How High Cholesterol Can Affect Your Legs and Feet

High cholesterol can increase your risk of peripheral artery disease, causing symptoms to develop in your legs and feet.

Anonymous grey-haired senior man stretching his legs before jogging.
Aleksandra Jankovic/Stocksy

Cholesterol is essential for your health.1 It is a waxy substance that is important to many functions in the body and travels through your bloodstream.2

Usually, healthy arteries, which are blood vessels that carry blood from your heart, nourish the tissues of your body.3 But cholesterol, along with other fats and substances, can form plaque on the walls of your arteries—this process is called atherosclerosis. People with high cholesterol are at risk of atherosclerosis, which can narrow the arteries and reduce blood flow to the tissues.1,4

Although this plaque buildup is most known for causing heart attacks and strokes (blood clots in the brain), atherosclerosis can affect blood vessels anywhere in the body. Buildup in the arteries of your legs and feet can cause a condition called peripheral artery disease (PAD).4

In the U.S., PAD affects more than 6.5 million people over the age of 40.5 Having PAD raises your risk for heart attack, stroke, and other serious health conditions.6 Speak with your healthcare provider if you have high cholesterol or symptoms of PAD. Lifestyle changes to prevent PAD, as well as early diagnosis and treatment are important.7

Symptoms in the Legs and Feet Due to PAD

Peripheral artery disease can reduce or block blood flow in your limbs (extremities), such as the arms and legs, as well as your pelvis (hip area).8 The most common type of PAD is lower extremity PAD, which affects the legs and feet.3

Leg pain during physical exercise is a common symptom of PAD.9 Other symptoms include physical changes of your legs and feet, which most often occur in the nails and skin.10

Typically, PAD starts slowly and worsens over time, but the symptoms vary widely.11 Over half of the people with PAD do not have symptoms.12 People who report no symptoms may likely be physically inactive or mistake any muscle discomfort to be a sign of aging (the risk of PAD increases with older age).13 In turn, PAD is often underdiagnosed.7,14

Some people at risk for PAD have no symptoms but show plaque buildup in their leg arteries with ultrasound screening. One small study revealed that many of these people go on to develop leg pain and more plaque buildup within a year of screening.11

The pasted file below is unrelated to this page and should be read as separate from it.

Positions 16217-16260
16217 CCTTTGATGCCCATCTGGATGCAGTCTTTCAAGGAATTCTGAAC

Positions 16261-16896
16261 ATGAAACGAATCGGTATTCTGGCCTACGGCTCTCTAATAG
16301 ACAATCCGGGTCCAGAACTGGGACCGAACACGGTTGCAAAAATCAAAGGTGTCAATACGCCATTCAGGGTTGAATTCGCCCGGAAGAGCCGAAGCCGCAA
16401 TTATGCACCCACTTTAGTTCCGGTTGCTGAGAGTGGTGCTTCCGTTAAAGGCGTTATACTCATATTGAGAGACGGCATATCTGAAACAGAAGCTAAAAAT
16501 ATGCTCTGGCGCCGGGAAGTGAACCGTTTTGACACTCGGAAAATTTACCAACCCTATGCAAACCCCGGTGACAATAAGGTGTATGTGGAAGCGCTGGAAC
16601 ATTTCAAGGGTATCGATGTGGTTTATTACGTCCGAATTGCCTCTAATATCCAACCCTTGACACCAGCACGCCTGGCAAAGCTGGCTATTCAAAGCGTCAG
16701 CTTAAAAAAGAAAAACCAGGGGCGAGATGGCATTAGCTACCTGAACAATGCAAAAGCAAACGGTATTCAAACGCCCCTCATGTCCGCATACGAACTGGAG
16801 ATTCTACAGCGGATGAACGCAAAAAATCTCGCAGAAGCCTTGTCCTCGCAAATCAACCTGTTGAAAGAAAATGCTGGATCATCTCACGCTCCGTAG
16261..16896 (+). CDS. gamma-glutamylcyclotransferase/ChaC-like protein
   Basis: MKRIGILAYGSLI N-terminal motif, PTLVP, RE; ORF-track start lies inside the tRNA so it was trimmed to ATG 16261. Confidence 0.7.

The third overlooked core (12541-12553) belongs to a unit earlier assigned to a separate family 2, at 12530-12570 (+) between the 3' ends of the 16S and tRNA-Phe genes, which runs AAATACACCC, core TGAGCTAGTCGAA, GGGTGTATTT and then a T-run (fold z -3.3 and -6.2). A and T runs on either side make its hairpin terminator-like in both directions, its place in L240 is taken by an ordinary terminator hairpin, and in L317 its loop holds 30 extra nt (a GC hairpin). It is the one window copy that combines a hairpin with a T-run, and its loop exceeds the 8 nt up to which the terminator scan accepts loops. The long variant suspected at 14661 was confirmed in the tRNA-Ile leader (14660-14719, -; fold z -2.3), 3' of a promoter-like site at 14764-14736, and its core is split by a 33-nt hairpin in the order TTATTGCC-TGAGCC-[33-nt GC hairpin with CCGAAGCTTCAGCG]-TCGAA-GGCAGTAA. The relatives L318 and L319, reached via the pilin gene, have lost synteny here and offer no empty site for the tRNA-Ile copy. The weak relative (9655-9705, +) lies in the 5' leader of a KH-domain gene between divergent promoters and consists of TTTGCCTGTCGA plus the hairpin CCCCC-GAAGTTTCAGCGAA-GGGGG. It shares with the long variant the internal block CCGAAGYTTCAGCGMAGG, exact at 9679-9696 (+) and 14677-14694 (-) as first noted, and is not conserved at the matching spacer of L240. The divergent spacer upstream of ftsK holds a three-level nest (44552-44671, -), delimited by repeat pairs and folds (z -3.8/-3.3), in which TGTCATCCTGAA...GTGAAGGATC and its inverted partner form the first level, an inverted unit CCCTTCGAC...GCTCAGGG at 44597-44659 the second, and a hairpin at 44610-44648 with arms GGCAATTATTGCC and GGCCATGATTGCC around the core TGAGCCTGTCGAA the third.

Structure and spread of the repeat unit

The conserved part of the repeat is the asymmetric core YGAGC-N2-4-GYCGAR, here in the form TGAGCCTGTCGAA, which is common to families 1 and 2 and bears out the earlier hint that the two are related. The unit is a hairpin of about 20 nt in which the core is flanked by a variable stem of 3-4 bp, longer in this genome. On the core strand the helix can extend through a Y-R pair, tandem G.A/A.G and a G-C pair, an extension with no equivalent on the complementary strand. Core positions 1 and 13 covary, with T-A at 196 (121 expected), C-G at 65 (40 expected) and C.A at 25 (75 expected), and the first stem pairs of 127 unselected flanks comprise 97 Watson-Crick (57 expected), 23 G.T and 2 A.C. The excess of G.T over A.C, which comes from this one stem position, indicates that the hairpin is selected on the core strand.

In some cases, people might only be diagnosed with PAD when they have symptoms severe enough to cause a medical emergency.8

A healthcare provider can help identify the following symptoms of PAD.

Muscle pain during exercise

A common sign of PAD is a type of muscle pain known as claudication, which can include aching, cramping, numbness, and fatigue.10 This pain occurs with walking or other physical activity. It is often located in the legs, but can also occur in the butt, hip, thigh, calf, or foot.10,15 The pain usually occurs in the muscles where arteries are affected by cholesterol and fat buildup.7,10

With physical activity, muscles need extra blood to support exercise, but the narrowed arteries prevent enough blood flow.7 Your body uses pain as a warning that the muscle is under stress from insufficient blood flow.13 Standing still and resting requires less blood flow to the muscles, reducing pain.13

Generally, pain that starts with exercising can go away after resting the affected muscle.7 But with continued physical activity, the pain can return—this is known as intermittent claudication.12 For example, the pain can start after walking a certain distance, go away with sitting for some time, and then return after walking the same distance.

Muscle pain at rest

In severe cases of PAD, muscle pain may not go away even when resting—and it can persist. Some people with PAD find that they have pain, coldness, or numbness in their feet and toes, usually at night or whenever their legs are elevated.10

Lowering the foot below the level of the heart or dangling it off the bed may help reduce the pain.10 When the legs are downward, gravity helps to pull more blood toward the feet, which can temporarily lessen the pain.13

Skin and hair changes

People with PAD may develop smooth, shiny skin.15 You may lose your leg hair, or it may grow much more slowly.7,15 You may also notice that the color of your skin changes. It may be darker (hyperpigmented) than usual.16 Other times, it may become a bluish color (called cyanosis).17